Today I’d like to talk about tough situations, struggles, failures, and the importance of following through in a way that promotes growth in children. When things get tough for our kids the two most common ways parents handle these situations is to either swoop in and be the hero or to leave them to “figure” it out. This could mean doing their homework for them, not pushing them to get back up on that horse, or allowing them to quit a sport/activity that they love simply because they have hit a roadblock. The issue is that in most cases both of these choices rob our kids of the chance to learn, overcome, and become a stronger individual. So how can we “parent” our way through a tough situation to help our kids become the best versions of themselves?
Here are a few ways we can develop a “stick-to-it” attitude:
Be consistent when talking with your kids about roadblocks or plateaus. Skill does not come naturally and just because you are not naturally talented at something doesn’t mean you can’t do it. Skill in the majority of cases is something developed from countless hours of practice, so if they stick with it, they will eventually succeed. Learning to push through the discomfort to “get it done” is a normal part of the learning process. You will be stronger and more resilient once you are used to it.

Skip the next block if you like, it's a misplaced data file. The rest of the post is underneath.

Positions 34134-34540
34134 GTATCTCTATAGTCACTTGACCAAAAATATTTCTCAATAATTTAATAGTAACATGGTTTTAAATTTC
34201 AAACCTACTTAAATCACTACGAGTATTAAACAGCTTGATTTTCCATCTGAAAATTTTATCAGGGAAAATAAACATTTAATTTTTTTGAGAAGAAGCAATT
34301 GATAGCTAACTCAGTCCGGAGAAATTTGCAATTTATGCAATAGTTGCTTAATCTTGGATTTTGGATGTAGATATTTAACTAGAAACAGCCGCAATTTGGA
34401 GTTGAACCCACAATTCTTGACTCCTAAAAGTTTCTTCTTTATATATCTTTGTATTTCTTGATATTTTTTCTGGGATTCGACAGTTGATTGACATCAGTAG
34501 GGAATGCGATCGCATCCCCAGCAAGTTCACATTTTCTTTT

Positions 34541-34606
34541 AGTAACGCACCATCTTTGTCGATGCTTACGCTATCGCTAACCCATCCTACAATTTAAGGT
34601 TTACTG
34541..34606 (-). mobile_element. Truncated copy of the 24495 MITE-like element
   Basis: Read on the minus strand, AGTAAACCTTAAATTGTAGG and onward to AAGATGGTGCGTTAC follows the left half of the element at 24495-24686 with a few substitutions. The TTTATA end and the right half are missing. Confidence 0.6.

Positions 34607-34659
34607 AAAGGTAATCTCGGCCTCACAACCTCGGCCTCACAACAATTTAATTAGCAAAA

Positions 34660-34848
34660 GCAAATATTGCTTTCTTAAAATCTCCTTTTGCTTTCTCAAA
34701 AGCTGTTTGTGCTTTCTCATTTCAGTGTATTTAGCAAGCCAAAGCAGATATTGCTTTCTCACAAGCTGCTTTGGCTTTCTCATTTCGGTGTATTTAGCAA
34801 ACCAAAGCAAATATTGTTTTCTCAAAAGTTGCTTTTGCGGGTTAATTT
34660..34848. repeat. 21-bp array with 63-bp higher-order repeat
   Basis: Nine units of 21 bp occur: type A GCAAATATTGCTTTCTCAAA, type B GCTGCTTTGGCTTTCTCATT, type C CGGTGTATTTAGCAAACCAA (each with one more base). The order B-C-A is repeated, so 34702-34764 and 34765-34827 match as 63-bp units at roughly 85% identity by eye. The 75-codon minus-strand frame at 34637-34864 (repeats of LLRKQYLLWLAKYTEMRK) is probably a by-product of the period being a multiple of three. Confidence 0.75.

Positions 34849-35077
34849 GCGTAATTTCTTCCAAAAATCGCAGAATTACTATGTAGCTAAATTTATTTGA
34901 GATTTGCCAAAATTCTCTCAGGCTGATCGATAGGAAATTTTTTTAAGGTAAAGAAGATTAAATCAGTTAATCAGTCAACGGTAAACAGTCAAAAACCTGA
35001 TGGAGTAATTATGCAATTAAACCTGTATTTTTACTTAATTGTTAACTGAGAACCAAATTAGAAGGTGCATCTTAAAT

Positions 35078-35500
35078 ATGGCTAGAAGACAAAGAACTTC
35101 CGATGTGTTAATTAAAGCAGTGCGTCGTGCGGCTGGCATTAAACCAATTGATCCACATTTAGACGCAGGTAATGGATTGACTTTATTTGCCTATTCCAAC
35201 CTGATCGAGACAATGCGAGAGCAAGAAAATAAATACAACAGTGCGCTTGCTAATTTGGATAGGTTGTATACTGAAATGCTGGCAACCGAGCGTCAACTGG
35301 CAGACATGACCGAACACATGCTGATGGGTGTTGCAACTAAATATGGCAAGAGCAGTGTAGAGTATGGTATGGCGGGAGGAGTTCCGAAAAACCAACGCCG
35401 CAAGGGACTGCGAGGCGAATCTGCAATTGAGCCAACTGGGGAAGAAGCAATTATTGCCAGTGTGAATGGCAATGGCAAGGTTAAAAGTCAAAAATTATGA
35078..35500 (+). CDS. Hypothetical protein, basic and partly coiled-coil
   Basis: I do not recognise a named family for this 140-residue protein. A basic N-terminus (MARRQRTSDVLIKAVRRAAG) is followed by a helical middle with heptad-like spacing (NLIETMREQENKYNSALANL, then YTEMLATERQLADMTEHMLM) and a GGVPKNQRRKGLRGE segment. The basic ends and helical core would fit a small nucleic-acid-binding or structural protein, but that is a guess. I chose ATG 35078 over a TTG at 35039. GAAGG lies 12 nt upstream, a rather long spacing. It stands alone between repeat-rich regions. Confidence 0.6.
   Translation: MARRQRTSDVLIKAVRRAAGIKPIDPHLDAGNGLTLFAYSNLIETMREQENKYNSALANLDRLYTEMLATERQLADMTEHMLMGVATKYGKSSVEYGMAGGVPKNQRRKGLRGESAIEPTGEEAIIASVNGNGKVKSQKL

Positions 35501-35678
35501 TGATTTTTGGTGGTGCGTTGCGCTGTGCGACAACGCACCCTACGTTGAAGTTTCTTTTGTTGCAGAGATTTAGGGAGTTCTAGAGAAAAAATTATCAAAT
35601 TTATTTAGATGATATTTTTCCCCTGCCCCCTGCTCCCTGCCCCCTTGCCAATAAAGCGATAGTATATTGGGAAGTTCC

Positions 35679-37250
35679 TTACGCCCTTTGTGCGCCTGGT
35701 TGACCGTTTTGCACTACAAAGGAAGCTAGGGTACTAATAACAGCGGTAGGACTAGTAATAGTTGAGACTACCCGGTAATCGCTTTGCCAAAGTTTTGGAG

Use questions to help find a solution
Resist the urge to give them the answer. Play the coach in situations where you know the right answer and they don’t. Ask them questions that will guide their thoughts in the correct direction to help them learn how to “think it through”. An easy way to help guide them is to break the solution into steps and help them figure out how each step contributes to the solution. Remember, only tell them the answer if they are really unsure. Afterward, be sure to help them understand why and how you came to that answer.
Share your experiences
This is an easy one to overlook, but we all know kids learn from the adults in their lives! So share an experience where you failed. Or maybe one where you had a really hard time with something but were able to overcome. We need to help them realize that success almost never happens on the first try. There will be times when you are frustrated or bored out of your mind. This is simply part of the journey, and having a role model will help them develop motivation that will last for ages.
Be their rock
Set your expectations for them. At first, you may need to set clear practice times, define a quiet space, and give them reminders when they forget. There may be some initial complaining but as they begin to see the rewards they should decrease. Lastly, model the qualities you want from them when they are frustrated, bored, or defeated. The goal is to allow them to be with their feelings but to be resilient enough to realize that success comes from failure. Model the calm and determination you would like them to have when they bounce back!